In Sabeen’s murder, an opinionated voice was silenced. After innocent school children, an unarmed lady was feared. The killers maybe different and still unnamed but their charge is the same – MURDER!
This time, the voice wasn't ‘against’ the ruling party or a mafia, as usually the crime is, but was ‘for’ dialogue, ideas and rights. Some may conveniently term it ‘anti-state’ though.
The killers won’t be identified for they have never been in history, nor would those calling shots be highlighted. Memoirs, tributes and vigils would maybe help cope a sense of loss for some but the problem will remain unresolved.
The problem was clearly not Sabeen Mahmud. In fact, unlike thousands of us, it was a voice that stood up boldly for what it believed in despite knowing the possible repercussions.
Silencing voices, one after the other, will not achieve much besides time-bound gain (till you are in power!).
The Fall of Dhaka happened in 1971 when you tried to silence voices 50 years ago!
A dissenting voice is not always wrong. In reality, you take action to forcefully oppress it so you can hide your own incapability and corner the truth for as long as possible.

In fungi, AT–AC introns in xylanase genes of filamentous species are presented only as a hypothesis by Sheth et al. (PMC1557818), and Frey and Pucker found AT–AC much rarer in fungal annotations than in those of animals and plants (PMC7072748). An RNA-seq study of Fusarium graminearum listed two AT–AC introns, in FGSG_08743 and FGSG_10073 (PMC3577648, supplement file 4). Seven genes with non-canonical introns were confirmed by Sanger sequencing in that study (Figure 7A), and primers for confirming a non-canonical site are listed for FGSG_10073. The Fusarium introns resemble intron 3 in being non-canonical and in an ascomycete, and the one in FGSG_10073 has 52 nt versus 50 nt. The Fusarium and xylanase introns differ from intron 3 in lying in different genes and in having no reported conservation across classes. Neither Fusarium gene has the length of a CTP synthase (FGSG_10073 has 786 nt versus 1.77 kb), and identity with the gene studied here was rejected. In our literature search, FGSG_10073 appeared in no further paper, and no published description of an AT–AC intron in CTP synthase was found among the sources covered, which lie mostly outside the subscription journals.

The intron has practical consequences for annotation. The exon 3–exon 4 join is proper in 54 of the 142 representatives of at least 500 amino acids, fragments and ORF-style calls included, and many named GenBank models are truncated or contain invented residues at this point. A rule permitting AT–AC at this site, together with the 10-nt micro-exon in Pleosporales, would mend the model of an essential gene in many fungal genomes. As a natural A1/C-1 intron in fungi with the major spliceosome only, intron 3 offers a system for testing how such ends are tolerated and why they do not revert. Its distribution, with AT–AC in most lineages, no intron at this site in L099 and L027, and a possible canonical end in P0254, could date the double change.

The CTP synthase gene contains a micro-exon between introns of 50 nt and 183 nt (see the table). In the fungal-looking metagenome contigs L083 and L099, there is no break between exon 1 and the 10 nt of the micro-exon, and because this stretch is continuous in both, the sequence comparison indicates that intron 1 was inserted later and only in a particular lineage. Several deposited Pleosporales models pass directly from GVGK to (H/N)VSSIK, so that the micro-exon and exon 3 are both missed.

The underlying truth is that the problem, which killed Sabeen too, is a part of us all and is deeply engrained in our society. It is the strength of character to call a spade ‘spade’ and of the mind to accept criticism. As a society, sadly, we lack both. Why don’t we outrightly call those who kill, murderers? Does your vocabulary have another, more appropriate word for it? But we are definitely ‘literate’ enough (read: liberal) to mock those who have the clarity to speak the truth fearlessly!
The core of the problem lies in the education system. Instead of delivering lectures in the classroom or simply reading out text material to ‘educate’ our kids, we need to put in practice teaching methods that promote conceptual understanding, pushes kids to think beyond what is being told and encourage them to ask questions. I am not talking about the Grammars, Aitchisons or Beaconhouses here – I am more concerned about the common schools, government and private, that are ruining the learning experience for our next generation. This goes out for parents too. Enough of feeding one-sided, biased, factually incomplete information – be it about history, religion or politics. Let your children think! They will be our CEOs, bureaucrats and politicians in the coming twenty years.
When you understand a concept, you gain clarity of thought and it is only then that you can debate about it to win people to your side.
Unless we start promoting dialogue at a micro-level, another 50 years will pass by, one generation after the other, we will remain in a state we are at today – heartbroken at a Sabeen’s murder!